As we watch the Goldman Sachs con men twist and shout before a suddenly agitated Senate banking committee shocked, shocked! to hear that there's rampant fraud on Wall Street I think it's instructive to revisit a bygone era when similar forces were arrayed against the interests of the general population yet the warnings went unheeded. Courtesy of Jessie's Cafe Americain:
It is one of the serious evils of our present system of banking that it enables one class of society, and that by no means a numerous one, by its control over the currency to act injuriously upon the interests of all the others and to exercise more than its just proportion of influence in political affairs. The agricultural, the mechanical, and the laboring classes have little or no share in the direction of the great moneyed corporations; and from their habits and the nature of their pursuits, they are incapable of forming extensive combinations to act together with united force. Such concert of action may sometimes be produced in a single city or in a small district of country by means of personal communications with each other; but they have no regular or active correspondence with those who are engaged in similar pursuits in distant places. They have but little patronage to give the press and exercise but a small share of influence over it; they have no crowd of dependents about them who hope to grow rich without labor by their countenance and favor and who are, therefore, always ready to exercise their wishes.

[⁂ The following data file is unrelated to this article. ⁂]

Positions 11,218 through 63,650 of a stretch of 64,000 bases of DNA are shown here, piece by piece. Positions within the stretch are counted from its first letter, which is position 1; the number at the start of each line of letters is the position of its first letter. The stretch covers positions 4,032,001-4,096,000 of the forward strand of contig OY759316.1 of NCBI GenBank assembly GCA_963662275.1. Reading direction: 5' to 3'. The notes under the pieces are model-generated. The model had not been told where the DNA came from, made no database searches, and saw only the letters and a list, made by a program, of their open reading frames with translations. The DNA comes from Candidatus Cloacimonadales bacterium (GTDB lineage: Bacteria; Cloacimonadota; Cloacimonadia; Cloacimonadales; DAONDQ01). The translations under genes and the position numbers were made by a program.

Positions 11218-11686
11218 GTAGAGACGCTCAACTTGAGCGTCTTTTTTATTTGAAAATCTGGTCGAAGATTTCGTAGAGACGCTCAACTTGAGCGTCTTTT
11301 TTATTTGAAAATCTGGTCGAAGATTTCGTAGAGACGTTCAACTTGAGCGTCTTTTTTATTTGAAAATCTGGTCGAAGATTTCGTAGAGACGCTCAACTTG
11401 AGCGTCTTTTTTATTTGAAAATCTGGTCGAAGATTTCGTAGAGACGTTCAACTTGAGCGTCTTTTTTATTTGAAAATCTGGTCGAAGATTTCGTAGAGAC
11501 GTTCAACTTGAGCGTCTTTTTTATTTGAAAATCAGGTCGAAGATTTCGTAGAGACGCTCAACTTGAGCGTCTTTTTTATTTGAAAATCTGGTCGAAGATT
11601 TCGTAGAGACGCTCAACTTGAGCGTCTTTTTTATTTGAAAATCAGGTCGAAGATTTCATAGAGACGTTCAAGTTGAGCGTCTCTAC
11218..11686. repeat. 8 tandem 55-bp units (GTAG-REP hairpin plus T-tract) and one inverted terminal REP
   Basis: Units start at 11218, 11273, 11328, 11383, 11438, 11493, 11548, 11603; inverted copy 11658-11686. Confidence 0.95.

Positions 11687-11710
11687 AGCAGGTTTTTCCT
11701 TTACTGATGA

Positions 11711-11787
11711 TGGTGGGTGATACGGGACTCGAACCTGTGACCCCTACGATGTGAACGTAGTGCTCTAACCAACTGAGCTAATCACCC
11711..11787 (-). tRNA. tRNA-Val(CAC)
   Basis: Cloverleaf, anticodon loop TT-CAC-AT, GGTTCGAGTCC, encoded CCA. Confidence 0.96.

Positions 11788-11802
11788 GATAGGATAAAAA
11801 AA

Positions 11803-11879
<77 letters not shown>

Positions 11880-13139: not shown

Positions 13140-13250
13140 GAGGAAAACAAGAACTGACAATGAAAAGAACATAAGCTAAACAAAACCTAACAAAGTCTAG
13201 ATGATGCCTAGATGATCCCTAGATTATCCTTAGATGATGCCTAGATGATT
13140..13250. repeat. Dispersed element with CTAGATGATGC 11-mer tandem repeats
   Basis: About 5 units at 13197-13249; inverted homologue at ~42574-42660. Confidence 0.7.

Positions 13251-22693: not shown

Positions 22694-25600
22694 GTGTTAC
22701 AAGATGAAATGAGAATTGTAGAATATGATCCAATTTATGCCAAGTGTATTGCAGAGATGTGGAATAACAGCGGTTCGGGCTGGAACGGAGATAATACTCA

-Andrew Jackson farewell address
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